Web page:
As opposed to natural C-14/C-12 which enters the ocean through the air-sea interface, waters rich in primordial helium (high He-3/He-4 ratio) derive from mid-ocean ridges at the ocean floor. This unique boundary condition means that mantle helium can provide independant information concerning patterns of deep-ocean circulation. OCMIP modelers have already made simulations for natural C-14/C-12. Here we descibe protocols to make OCMIP simulations for mantle helium.
Primordial He, which also invades the deep sea from the earth's interior via mid-ocean ridges, has a distinctly different He-3/He-4 ratio than does atmospheric helium. Vent waters, along with their He-3/He-4 signature, enter the ocean at several hundred degrees centigrade and typically rise a few hundred meters in the water column, before coming to equilibrium and being transported along surfaces of constant density (isopycnals). When it was found that oceanographic circulation patterns deduced from He-3/He-4 data (Stommel, 1982) contradicted the simple, yet classic model of deep-ocean circulation (Stommel and Arons, 1960), it became obvious to many that the unique signature of He-3/He-4 could help shed light on the mysteries of deep-ocean circulation. Since then, many He-3/He-4 samples have been collected throughout the world ocean, largely during the WOCE sampling campaign. One ocean modeling study has been published that has focused on simulating He-3/He-4 in the LSG model (Farley et al., 1995). They assumed that the boundary condition for He-3/He-4 is proportional to the spreading rate of the mid-ocean ridges. Other groups have also begun making preliminary simulations for He-3/He-4.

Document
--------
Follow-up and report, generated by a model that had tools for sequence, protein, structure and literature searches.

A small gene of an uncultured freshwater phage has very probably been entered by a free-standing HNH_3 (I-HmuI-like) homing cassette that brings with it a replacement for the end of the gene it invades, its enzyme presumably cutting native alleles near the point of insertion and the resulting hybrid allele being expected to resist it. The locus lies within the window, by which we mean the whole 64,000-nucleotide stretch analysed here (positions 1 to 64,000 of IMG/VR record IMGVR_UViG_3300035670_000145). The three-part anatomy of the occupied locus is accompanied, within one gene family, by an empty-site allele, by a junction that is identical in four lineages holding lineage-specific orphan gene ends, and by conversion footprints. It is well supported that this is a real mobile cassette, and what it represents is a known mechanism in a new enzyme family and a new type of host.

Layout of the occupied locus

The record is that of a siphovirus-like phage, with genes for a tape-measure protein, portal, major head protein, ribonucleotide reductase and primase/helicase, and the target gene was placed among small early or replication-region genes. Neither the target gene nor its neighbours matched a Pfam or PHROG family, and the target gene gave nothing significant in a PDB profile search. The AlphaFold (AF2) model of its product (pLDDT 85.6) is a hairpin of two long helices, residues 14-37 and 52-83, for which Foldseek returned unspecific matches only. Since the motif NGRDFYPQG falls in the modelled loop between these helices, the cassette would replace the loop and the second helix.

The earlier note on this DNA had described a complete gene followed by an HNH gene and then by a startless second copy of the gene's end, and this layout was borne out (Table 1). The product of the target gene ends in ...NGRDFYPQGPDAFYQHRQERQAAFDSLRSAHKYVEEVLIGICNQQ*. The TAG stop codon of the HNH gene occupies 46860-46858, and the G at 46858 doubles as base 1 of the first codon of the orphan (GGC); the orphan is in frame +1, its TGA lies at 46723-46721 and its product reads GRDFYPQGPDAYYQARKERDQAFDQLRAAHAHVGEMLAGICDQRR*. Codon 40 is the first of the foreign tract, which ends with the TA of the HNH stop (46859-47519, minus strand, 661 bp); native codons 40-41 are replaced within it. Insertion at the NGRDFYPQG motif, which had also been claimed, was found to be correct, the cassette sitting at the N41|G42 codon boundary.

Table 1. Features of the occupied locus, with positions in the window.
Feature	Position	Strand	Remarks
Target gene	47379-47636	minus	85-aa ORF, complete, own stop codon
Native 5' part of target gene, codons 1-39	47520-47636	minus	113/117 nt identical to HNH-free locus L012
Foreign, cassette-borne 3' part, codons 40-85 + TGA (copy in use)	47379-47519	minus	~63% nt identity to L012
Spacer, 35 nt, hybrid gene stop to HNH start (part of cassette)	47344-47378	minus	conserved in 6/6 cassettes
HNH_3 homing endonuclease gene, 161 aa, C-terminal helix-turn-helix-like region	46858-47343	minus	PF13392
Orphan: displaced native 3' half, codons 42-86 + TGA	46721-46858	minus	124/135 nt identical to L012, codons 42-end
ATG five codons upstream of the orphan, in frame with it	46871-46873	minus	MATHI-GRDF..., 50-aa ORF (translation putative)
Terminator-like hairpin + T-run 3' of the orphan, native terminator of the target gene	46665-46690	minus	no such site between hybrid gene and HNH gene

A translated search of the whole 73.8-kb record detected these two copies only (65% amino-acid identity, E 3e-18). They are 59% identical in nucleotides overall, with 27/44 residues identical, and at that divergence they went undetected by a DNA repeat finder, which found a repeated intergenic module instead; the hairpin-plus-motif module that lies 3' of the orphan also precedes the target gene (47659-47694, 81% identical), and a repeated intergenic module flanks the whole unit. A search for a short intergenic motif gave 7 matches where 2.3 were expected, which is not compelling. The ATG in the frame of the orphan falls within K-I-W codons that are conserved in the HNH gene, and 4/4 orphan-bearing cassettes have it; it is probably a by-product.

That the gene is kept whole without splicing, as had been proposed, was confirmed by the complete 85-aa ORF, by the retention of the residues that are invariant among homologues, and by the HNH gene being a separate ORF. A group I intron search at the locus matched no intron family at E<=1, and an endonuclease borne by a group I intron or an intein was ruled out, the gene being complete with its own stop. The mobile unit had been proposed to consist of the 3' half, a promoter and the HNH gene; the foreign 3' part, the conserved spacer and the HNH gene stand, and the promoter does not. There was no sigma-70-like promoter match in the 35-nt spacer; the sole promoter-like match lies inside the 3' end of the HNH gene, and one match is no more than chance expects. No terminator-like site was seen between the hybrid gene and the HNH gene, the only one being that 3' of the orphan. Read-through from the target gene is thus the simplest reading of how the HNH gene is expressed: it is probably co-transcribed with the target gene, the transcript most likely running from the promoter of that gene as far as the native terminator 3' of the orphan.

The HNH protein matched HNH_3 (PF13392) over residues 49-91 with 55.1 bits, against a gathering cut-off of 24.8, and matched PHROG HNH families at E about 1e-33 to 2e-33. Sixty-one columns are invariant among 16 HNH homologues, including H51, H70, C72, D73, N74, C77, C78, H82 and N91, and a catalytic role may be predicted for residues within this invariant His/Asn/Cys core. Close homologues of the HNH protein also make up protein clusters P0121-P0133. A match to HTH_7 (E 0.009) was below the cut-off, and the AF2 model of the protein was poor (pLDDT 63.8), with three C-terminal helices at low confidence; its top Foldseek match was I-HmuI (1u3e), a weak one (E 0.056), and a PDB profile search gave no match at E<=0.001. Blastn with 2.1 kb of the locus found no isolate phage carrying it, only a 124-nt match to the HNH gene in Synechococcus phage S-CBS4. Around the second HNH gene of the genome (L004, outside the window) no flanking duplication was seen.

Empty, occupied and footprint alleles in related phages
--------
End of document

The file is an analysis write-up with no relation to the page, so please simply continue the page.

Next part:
For this comparison, all 3-D models will make one standard He-3/He-4 simulation, to near steady state. Following Farley et al. (1995), primordial He-3 and He-4 will be added to the ocean at mid-ocean ridges along the sea floor as a function of ridge positions and spreading rates. He-3 and He-4 will be carried as individual tracers. At the air-sea interface, all ocean models will exchange He-3 and He-4 with the atmosphere using sea-air flux boundary conditions that are analogous to those developed for CO2 during the first phase of OCMIP. Intercomparison of model results will focus on the He-3/He-4 distribution in the sea and to a lesser extent on helium fluxes from the ocean to atmosphere. Such comparison should provide unique insight, into the performance of each model's deep-ocean circulation, particularly in regard to evaluating the performance of OCMIP purposeful, deep-ocean CO2 injection simulations.